Dabo Swinney believes this five-year run by Steve Spurrier and South Carolina was fated by divine intervention.
“For whatever reason, God chose me to be the coach at Clemson during the greatest era in the history of South Carolina football,” Swinney said Tuesday. “Coach Spurrier’s legacy speaks for itself. He’s a Hall of Famer. He’s a great football coach and has been for a long time.
“To me, what he has done at South Carolina is his legacy,” he said. “They’ve been really good. That’s the other thing. Everybody just wants to get mad at Clemson. Nobody wants to give South Carolina credit. They’ve been really good.
“I don’t like that, but we have to worry about Clemson and trying to get this thing turned back in the direction we want it here.”
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Opening as a four-point favorite for Saturday’s noon game in Death Valley, Clemson’s strength all season has been a defense that’s been one of the most efficient in the game. Questions persist on offense, where the starting quarterback could provide clarity. If freshman Deshaun Watson starts and plays, Clemson would be a decisive favorite.
“I’m not trying to have some conspiracy or anything like that. We just don’t know,” Swinney said. Watson sustained a sprained knee ligament and bone bruise in the first quarter of the Georgia Tech game and sat out last week. He returned to practice Monday with a knee brace. His ability to handle the work Tuesday and Wednesday would determine the extent of his availability, Swinney said.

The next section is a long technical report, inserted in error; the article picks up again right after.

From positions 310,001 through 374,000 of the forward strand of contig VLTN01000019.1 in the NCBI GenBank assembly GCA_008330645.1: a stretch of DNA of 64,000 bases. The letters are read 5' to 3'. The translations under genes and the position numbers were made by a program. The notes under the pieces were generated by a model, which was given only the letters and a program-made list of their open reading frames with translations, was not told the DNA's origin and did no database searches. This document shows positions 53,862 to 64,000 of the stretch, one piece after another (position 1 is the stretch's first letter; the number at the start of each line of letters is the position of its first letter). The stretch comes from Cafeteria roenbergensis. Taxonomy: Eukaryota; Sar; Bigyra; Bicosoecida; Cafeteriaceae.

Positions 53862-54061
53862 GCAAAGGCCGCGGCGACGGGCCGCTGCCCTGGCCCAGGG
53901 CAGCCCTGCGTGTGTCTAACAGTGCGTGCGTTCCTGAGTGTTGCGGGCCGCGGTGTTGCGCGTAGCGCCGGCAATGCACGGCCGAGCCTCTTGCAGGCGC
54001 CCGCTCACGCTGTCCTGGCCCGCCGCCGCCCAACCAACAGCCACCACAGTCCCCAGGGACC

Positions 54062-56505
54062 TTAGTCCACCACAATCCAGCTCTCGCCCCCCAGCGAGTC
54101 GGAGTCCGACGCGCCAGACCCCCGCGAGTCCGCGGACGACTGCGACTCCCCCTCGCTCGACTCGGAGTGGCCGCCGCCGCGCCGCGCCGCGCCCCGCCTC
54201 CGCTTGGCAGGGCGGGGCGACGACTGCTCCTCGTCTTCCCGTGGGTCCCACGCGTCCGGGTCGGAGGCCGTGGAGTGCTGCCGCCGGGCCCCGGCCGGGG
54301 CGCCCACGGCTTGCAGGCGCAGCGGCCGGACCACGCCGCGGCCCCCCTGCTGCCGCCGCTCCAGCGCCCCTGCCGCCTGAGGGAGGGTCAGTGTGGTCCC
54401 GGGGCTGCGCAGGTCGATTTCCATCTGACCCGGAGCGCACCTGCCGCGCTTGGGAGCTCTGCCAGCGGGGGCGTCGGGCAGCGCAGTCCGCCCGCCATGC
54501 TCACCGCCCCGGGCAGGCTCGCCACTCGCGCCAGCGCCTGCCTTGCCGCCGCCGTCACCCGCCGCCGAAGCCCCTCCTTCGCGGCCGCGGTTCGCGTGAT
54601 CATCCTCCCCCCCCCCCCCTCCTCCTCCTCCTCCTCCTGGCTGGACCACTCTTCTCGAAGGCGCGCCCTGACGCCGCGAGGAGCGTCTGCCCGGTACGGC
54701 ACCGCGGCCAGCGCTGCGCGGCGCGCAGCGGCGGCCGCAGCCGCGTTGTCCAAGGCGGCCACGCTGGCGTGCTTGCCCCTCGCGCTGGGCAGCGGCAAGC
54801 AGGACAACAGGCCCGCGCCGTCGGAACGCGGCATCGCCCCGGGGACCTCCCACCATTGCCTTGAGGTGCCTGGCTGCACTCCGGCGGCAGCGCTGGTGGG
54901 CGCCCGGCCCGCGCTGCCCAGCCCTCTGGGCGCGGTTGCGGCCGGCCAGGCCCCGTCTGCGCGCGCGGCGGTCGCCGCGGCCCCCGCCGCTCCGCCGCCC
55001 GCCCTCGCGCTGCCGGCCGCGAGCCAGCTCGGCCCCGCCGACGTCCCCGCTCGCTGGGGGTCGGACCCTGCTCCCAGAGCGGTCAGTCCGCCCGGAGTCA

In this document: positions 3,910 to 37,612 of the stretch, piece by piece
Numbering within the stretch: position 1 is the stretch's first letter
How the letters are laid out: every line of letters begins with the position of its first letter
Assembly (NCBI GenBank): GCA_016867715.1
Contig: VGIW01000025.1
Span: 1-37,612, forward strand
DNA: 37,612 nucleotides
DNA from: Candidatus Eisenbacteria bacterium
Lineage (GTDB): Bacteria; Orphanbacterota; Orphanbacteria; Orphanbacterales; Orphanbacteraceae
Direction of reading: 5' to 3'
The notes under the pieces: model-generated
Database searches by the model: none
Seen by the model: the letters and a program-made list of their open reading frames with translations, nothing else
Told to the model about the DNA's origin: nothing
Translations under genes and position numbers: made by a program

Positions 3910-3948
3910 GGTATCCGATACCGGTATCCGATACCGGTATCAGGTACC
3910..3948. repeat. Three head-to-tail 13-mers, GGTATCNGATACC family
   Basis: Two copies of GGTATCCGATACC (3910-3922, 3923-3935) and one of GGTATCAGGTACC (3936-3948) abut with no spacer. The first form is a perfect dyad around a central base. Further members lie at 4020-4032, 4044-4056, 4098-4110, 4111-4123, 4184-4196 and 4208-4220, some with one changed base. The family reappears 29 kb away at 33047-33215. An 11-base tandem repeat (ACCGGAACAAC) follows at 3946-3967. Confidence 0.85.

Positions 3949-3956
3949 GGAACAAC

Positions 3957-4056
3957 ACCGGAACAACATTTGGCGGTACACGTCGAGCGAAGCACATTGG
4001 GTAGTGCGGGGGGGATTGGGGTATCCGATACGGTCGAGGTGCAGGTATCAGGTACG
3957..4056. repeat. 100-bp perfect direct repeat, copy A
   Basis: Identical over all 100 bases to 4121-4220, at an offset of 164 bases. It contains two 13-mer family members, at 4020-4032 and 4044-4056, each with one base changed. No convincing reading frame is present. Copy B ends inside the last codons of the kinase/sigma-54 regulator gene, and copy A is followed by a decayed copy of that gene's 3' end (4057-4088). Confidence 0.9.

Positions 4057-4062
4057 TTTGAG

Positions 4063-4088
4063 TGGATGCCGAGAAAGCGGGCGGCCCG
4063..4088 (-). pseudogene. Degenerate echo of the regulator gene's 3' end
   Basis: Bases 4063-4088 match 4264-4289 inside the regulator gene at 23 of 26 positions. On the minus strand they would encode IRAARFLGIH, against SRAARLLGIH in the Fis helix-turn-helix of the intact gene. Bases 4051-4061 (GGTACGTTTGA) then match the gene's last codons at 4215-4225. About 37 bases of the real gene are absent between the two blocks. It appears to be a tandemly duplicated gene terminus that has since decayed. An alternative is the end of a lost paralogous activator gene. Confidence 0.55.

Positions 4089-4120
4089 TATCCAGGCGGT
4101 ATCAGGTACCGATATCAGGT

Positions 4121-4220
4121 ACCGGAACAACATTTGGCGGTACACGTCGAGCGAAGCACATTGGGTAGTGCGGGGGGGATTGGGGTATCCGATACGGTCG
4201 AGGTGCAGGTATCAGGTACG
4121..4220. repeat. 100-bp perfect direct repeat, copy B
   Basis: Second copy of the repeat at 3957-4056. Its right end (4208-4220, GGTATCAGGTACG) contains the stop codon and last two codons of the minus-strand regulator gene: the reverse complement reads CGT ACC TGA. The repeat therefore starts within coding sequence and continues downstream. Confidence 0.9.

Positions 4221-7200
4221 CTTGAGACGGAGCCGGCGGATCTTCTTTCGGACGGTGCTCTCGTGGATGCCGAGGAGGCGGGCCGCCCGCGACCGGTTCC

“It may be a decision that’s game time. I don’t know, but he is getting better each day,” Swinney said, adding that, at this stage of the season, no player is fully free of pain. “As long as he can do the things that we need him to do to win the game, he’s our starter.
“He’s got to be able to do those things. We can’t change our offense. He’s got to be able to play and execute. He’s got to be able to escape. He has to be able to run our system.”
Swinney understands the magnitude of the series, which was why he agreed to the countdown clock since August that players see daily.
“We all live and die with this one all year long,” he said, pointing out that since neither team’s season met expectations, fans place an additional burden on this game. “It’s always big. We can win Saturday, and guess what? Next year it will be just as big. It’s a big game every year.”
Asked if these games weighed on him, Swinney shook his head.
“We’ve just got to turn it around,” he said “The reality is we’ve lost five in a row, and nobody’s happy about it. We know why.
“To sit here and say that this one game completely discounts everything that’s been accomplished at Clemson the last six years is crazy,” Swinney said. “That’s really a lack of respect for our players for what they’ve been able to do.
“We’re always trying to get better, and this is an area we’ve got to get better. There is no doubt about it, but to say that it just takes away from everything we’ve accomplished, I think that’s a very narrow way to look at it.”
Asked if he imagines this could be the final time he faces Spurrier, Swinney said the 69-year old Gamecocks coach could probably go for another 30 years.
“My father-in-law is 70, my dad is 70 and they don’t look like coach Spurrier,” Swinney said. “He has done a nice job of taking care of himself.
“I think he’ll coach as long as he wants to and go out on his terms, and he deserves to be able to do that,” he said. “I need a few more years. I’ve got to try to catch him before he gets out of here.”
Swinney favored the noon kickoff, not the favorite starting time for students and fans with a distance to travel.
“Shoot, man. Let’s get up and play,” he said. “That clock’s been ticking for a year.”